OR WAIT null SECS
Determining the cause of AUB is challenging. How you choose to manage it will partly depend on whether the bleeding is acute or chronic. In part 1 of this 2-part series, we'll discuss medical treatment. In part 2, we'll address surgical options.
About one out of every five women of reproductive age suffers from menorrhagia, which translates into about 2.7 million office visits in the United States each year.1 Of course, "menorrhagia" is only one of several confusing terms used to define the various forms of abnormal uterine bleeding (AUB), as Table 1 illustrates.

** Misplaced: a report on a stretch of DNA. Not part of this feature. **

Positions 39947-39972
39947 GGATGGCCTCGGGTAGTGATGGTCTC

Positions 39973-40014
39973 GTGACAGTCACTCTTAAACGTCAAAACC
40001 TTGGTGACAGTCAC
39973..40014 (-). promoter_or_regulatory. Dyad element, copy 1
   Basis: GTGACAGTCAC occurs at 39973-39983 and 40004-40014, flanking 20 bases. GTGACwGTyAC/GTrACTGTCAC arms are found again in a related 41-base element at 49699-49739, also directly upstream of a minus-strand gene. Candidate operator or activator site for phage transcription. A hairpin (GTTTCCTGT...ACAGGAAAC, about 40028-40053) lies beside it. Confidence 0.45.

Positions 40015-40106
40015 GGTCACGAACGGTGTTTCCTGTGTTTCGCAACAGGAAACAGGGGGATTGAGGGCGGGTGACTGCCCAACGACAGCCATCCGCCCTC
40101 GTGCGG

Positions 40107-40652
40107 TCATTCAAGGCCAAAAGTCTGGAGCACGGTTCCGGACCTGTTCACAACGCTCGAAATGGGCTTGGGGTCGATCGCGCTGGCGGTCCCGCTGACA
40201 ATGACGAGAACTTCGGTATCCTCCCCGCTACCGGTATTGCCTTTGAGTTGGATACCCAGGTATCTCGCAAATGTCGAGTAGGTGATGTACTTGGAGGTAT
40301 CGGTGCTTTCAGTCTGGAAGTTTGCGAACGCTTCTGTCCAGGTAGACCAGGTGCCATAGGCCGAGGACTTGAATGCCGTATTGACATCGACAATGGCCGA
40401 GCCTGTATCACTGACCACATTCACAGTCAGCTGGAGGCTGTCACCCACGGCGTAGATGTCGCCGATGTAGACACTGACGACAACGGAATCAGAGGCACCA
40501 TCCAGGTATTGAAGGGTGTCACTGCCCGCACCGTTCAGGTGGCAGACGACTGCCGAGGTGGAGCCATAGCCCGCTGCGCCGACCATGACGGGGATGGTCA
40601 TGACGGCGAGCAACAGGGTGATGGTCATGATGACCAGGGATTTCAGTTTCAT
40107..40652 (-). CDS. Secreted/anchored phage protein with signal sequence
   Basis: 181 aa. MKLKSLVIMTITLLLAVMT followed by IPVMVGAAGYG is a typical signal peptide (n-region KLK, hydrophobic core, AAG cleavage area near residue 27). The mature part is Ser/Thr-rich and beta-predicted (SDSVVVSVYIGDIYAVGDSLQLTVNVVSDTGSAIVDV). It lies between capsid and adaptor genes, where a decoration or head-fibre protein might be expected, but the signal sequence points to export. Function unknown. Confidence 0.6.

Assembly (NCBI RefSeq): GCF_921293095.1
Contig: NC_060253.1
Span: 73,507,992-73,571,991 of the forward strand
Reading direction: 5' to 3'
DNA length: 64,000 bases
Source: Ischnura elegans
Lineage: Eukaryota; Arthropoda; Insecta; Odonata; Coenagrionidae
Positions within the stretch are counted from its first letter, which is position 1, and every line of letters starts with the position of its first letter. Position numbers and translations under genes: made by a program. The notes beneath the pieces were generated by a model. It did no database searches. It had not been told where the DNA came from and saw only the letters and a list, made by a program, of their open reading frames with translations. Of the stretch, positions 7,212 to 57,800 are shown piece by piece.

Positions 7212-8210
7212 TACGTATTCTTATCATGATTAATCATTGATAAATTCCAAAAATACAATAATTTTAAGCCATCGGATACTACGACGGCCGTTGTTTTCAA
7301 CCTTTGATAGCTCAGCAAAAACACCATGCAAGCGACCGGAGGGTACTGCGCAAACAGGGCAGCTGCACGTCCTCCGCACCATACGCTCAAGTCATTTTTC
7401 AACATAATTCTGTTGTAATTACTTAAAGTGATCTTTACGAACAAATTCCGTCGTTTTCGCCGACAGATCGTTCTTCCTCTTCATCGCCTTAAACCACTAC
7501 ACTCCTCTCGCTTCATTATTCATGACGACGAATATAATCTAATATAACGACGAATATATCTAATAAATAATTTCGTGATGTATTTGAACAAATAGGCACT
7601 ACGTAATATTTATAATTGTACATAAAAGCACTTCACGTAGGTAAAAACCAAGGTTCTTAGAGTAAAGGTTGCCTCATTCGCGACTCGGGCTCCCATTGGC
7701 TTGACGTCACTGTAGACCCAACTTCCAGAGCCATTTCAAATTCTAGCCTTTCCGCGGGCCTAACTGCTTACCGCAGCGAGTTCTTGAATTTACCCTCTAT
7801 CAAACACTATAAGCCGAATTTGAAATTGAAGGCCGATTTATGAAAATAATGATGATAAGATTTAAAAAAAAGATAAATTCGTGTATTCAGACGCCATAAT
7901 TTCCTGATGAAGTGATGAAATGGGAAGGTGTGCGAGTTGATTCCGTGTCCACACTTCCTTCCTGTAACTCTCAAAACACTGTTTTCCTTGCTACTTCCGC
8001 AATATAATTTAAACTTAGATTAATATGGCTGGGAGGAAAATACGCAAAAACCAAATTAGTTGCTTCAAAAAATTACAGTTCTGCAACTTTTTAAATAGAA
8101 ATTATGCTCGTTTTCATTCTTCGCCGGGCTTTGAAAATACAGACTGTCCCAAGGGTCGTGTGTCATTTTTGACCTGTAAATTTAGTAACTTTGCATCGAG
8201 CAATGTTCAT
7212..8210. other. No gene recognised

Given the confusion surrounding the nomenclature of AUB, it's important for clinicians to take a structured approach to the problem. A detailed history will clarify the time sequence of the bleeding to determine if it's cyclic or noncyclic. Determining the amount of bleeding is more difficult. Patients often over-and underestimate the amount of blood they lose.5 Although pad counts can help, they too can be unreliable given differences in pad absorbency and interpersonal variation in hygiene and pad changing behaviors. For clinical studies, menstrual blood loss per cycle has been measured by the alkaline hematin method or the pictorial chart method.6,7 You'll also want to take a thorough medical history to search for organic causes of AUB. A family history of bleeding disorders or gynecologic problems can be helpful. It is important to establish any relationship between bleeding and intercourse. A review of systems may elicit undiagnosed conditions that may be related to AUB, including the presence of fever, pain, bowel/bladder changes, weight changes, galactorrhea, or hirsutism.